- The research will examine multiple concerns, including the impact of planting time and crop rotation on growth.
- Presently, no pesticide has been approved for use on organic hemp crops.
While hemp and its derivatives became federally legal last year with the 2018 Farm Bill, there is still plenty of research that needs to be done on this crop to maximize the benefits that consumers get from it. In an effort to push along this progress, the US Department of Agriculture had decided to issue a $1 million grant for the study of organic hemp production, awarding it to Purdue University in Indiana.
The research at the university is due to be led by Kevin Gibson, who is a botany and plant pathology professor. He stated that the lack of viable pesticides that can be used for hemp production is enough reason to understand the organic farming methods for hemp.
Gibson added, “There’s certainly tremendous interest and tremendous opportunities, but the reality is that this is a crop we have grown on significant acreage for 70 to 80 years. The knowledge base to be successful needs to be developed.” This is the first grant that the USDA has issued in an effort to study organic hemp production, according to the university.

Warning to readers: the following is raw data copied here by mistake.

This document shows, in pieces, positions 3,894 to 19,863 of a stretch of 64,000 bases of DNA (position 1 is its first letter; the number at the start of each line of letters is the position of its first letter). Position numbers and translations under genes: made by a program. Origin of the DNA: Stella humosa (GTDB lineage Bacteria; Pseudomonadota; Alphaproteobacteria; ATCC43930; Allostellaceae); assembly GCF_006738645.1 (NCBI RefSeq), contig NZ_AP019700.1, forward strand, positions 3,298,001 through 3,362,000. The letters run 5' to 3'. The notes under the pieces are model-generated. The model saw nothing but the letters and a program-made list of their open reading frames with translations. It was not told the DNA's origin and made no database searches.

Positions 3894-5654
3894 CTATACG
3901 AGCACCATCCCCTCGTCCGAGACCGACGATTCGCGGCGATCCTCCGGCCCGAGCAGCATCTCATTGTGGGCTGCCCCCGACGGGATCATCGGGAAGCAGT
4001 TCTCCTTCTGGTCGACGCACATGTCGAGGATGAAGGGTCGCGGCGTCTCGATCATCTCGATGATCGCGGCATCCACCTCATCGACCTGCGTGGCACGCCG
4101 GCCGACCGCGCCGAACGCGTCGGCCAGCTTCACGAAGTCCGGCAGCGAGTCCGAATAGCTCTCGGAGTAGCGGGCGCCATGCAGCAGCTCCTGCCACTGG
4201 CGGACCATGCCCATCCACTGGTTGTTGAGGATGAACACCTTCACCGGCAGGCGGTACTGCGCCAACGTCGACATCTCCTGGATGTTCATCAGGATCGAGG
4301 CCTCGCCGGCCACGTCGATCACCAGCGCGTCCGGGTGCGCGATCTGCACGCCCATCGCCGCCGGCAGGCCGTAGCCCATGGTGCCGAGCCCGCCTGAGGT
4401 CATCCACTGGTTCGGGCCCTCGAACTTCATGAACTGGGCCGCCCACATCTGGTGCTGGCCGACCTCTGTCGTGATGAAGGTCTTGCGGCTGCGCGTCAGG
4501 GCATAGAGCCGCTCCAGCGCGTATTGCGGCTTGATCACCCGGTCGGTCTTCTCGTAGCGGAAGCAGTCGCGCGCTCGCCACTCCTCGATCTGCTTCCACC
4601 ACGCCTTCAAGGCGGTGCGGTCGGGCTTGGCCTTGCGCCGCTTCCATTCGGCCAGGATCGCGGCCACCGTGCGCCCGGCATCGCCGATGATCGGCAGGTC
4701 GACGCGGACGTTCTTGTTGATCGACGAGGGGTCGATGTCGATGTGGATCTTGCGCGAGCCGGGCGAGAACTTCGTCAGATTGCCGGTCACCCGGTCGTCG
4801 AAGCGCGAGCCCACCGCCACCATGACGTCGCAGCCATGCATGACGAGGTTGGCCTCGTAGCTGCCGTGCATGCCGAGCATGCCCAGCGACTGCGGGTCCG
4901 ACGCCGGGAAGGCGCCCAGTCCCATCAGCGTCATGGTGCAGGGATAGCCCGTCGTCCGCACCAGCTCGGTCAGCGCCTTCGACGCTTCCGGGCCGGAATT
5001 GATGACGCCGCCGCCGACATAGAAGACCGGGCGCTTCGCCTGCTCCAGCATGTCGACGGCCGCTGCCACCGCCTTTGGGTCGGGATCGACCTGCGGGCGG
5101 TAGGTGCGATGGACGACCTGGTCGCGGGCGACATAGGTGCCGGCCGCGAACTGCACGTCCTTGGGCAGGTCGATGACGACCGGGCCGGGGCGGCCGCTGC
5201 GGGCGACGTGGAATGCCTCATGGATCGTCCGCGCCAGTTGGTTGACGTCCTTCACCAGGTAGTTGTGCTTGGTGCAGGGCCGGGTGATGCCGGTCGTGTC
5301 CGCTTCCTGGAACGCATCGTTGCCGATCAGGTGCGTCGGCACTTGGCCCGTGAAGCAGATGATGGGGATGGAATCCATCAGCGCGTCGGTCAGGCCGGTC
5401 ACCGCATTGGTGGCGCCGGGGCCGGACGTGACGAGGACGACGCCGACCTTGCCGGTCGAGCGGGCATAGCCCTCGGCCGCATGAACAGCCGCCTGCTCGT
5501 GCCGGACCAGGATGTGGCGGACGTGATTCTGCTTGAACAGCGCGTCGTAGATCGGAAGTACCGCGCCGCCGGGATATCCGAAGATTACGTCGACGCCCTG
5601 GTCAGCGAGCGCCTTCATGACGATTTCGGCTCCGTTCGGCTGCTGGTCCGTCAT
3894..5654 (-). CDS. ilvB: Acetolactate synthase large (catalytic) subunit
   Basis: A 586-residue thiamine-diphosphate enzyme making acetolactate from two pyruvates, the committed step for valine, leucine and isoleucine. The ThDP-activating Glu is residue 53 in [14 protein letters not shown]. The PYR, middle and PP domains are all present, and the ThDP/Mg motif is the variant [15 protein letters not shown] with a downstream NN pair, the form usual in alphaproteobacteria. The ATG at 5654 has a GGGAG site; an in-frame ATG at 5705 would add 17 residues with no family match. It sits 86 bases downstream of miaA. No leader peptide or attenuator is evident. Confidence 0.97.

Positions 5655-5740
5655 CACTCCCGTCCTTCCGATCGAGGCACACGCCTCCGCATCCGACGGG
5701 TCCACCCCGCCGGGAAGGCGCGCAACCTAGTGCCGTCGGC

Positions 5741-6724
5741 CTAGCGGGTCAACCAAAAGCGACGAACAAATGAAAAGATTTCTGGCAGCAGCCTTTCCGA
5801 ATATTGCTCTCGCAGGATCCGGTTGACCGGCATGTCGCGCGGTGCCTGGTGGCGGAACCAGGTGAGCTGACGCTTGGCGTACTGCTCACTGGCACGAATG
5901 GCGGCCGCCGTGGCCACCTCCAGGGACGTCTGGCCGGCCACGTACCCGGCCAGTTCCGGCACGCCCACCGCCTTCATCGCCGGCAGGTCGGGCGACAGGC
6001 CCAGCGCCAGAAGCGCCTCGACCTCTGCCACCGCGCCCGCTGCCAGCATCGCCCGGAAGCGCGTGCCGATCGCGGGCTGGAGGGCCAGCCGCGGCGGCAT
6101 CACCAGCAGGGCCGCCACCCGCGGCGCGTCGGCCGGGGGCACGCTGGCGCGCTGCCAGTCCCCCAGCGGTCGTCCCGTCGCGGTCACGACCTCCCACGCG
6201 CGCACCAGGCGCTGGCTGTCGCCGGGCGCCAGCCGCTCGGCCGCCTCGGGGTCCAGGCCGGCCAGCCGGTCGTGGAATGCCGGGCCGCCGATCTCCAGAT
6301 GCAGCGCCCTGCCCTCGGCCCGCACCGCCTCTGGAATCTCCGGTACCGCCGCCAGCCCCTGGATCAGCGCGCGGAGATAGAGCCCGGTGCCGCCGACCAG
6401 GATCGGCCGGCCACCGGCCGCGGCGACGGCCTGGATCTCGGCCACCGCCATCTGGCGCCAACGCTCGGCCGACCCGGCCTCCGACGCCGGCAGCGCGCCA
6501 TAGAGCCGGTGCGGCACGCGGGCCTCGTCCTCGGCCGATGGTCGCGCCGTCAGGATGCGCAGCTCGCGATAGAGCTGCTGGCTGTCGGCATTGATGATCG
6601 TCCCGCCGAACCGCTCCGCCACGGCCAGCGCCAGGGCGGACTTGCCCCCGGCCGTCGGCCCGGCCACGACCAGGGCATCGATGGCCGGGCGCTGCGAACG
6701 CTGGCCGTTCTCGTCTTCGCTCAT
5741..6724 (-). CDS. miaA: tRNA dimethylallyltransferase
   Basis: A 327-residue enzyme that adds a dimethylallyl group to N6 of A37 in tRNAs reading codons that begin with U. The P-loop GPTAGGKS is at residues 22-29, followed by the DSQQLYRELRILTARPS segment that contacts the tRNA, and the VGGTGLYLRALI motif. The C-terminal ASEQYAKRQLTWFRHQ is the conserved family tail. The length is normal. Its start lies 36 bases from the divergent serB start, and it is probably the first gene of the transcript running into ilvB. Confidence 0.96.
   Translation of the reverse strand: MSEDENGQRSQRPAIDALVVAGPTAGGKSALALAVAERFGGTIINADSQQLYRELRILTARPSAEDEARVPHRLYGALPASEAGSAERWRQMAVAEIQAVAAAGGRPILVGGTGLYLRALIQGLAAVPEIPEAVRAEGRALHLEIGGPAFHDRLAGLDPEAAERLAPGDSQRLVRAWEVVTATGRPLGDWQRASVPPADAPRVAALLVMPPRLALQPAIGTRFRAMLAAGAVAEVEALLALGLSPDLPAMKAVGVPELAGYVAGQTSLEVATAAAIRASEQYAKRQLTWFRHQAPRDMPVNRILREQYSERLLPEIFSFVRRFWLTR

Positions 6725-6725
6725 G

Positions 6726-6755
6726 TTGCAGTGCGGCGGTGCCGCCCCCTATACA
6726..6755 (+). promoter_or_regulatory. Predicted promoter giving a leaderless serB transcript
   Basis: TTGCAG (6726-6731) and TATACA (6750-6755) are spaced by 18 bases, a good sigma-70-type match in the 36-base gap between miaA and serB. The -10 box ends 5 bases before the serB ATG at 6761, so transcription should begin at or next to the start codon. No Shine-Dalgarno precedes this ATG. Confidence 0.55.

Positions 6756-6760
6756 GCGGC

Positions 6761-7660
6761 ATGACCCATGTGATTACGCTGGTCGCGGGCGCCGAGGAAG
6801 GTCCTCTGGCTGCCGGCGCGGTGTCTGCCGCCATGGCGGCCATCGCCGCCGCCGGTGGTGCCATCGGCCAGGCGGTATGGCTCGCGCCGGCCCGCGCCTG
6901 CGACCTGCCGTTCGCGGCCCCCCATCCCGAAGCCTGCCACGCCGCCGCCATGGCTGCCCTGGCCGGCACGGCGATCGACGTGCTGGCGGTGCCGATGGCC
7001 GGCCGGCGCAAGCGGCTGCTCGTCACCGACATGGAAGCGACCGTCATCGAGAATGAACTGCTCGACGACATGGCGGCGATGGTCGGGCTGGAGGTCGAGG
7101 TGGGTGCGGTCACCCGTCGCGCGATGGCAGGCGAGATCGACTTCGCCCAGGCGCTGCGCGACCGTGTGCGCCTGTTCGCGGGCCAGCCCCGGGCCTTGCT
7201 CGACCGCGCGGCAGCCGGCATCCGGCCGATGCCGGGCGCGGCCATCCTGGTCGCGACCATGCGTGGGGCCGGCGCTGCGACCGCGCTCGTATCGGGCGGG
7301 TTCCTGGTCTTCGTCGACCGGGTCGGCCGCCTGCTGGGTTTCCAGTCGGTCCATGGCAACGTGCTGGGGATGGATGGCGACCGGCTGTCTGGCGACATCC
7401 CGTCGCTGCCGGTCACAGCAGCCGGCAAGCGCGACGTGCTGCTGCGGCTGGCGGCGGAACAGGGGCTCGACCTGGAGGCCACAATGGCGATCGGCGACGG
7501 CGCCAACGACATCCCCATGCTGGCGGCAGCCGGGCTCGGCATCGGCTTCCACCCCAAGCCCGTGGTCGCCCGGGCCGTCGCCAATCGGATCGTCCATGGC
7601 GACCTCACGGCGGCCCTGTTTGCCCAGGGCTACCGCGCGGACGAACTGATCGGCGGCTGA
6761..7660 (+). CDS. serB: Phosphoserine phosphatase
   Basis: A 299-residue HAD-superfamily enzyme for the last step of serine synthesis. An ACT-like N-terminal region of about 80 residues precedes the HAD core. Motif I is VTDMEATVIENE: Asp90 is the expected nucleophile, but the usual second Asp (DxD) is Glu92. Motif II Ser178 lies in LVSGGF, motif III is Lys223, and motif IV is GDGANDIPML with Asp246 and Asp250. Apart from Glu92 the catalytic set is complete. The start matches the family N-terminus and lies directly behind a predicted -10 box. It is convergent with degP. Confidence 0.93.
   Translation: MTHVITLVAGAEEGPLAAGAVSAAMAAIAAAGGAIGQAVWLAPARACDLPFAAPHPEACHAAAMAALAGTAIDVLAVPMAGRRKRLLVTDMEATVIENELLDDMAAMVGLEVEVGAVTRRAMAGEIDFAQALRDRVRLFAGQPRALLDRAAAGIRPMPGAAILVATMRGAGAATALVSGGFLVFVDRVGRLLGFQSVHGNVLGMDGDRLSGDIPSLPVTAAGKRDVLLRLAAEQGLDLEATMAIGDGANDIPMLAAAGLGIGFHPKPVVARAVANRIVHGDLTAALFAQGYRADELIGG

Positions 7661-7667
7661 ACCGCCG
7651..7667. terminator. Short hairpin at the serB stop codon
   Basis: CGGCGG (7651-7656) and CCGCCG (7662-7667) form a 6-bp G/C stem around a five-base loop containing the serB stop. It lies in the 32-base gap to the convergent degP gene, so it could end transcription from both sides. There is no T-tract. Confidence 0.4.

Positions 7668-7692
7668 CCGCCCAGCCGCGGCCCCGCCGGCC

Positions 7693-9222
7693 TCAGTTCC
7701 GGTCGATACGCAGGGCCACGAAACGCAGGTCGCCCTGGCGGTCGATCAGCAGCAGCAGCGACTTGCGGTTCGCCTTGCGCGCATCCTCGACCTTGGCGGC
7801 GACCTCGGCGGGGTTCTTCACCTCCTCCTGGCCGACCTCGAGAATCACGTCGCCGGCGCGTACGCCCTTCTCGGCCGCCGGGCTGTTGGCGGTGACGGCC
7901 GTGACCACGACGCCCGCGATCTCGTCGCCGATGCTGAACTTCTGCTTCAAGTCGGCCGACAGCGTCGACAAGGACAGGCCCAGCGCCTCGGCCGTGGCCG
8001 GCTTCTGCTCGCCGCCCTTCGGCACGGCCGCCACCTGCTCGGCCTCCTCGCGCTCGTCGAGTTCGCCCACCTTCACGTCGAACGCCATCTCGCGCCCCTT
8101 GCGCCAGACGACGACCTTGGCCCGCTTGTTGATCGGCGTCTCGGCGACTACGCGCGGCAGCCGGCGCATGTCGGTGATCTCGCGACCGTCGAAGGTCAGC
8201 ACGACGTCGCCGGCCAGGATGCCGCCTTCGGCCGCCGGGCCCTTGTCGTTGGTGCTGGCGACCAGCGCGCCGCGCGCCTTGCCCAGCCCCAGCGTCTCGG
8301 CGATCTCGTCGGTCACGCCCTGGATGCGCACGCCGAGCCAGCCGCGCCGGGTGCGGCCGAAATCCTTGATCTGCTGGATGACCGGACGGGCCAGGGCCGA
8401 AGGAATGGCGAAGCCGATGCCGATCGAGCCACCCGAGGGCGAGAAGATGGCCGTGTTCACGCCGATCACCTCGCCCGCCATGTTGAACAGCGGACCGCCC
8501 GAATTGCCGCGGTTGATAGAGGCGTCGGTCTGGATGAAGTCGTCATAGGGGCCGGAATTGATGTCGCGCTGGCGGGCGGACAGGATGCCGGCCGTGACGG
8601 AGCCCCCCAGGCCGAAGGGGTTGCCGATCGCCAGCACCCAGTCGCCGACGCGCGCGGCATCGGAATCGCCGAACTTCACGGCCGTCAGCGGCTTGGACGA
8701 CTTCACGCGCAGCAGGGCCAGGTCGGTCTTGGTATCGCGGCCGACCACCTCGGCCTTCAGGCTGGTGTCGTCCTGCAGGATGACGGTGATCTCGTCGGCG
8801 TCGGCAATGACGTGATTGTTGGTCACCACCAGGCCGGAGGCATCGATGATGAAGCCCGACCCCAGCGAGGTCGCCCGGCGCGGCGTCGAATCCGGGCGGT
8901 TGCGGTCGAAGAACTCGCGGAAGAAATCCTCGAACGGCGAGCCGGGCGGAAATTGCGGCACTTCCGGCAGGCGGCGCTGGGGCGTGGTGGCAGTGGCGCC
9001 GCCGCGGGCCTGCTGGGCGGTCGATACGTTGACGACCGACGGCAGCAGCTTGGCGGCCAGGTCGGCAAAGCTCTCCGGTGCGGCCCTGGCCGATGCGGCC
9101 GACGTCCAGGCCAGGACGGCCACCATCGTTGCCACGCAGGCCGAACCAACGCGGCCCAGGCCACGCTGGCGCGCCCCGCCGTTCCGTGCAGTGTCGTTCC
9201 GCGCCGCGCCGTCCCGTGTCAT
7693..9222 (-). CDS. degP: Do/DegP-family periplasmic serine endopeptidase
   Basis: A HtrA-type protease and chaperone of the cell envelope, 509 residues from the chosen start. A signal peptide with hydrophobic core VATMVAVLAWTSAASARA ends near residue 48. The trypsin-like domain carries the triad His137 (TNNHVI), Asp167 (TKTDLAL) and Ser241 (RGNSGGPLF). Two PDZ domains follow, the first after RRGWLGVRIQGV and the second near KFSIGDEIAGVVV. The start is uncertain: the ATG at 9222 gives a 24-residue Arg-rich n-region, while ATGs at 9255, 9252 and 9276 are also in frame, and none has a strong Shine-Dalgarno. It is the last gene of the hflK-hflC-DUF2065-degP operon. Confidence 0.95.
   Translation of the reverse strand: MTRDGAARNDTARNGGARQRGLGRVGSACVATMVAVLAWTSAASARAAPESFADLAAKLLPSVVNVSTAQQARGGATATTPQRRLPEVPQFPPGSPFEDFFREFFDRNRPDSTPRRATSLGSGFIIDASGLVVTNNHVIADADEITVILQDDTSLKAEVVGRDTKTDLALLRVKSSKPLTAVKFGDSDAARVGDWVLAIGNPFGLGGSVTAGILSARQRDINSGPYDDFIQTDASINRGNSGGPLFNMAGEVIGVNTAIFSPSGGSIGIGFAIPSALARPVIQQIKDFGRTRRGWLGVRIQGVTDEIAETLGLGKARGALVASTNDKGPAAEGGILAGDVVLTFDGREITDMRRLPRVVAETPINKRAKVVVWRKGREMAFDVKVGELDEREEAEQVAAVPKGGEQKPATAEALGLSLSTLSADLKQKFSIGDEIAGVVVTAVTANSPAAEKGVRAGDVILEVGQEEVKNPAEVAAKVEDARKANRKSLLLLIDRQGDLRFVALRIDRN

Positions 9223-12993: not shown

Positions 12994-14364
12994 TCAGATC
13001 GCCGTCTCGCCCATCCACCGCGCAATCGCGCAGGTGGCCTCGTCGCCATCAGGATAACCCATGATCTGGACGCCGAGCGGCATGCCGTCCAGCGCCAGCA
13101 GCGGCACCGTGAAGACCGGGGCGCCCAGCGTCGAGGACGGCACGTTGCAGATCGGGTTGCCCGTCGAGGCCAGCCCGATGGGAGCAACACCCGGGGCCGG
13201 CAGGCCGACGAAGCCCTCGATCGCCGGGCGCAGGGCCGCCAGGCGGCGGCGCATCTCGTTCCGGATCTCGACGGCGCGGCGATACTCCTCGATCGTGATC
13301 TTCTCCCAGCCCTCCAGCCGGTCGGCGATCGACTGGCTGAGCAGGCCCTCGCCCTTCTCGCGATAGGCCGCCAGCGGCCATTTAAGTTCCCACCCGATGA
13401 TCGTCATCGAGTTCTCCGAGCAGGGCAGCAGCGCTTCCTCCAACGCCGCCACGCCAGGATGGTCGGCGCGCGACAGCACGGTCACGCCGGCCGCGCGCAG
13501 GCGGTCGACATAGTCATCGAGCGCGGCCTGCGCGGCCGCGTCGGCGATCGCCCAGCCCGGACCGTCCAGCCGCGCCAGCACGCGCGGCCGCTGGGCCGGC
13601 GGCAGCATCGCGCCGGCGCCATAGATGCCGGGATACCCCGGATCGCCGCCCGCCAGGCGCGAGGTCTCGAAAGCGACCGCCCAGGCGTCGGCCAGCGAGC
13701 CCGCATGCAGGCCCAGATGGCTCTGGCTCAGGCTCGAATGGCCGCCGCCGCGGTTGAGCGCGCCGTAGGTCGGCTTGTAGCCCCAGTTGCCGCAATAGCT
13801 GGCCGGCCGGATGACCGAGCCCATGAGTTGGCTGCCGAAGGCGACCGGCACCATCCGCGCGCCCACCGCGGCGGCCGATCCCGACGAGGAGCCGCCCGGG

During the study, the researchers will examine the way to integrate hemp into rotation with other crops, how it could fit in with a soil conservation system, and how the timing of which it is planted can impact growth, according to Gibson. The seed program administrator for the Chemist’s Office in Indiana, Don Robison, stated that it is absolutely essential to understand the organic cultivation methods, since the big pesticide companies aren’t rushing to create formulas for the hemp industry.
The National Industrial Hemp Council and American Farm Bureau Federation spoke with the Environmental Protection Agency this month to request approval for 10 hemp-safe pesticides. The applications included submissions from Argo Logistic Systems, Marrone Bio Innovations, and Hawthorne Hydroponics. Their products have already been deemed legal for other outdoor crops.
While the USDA released draft rules for the hemp industry this week, the legislation included no details about pesticides.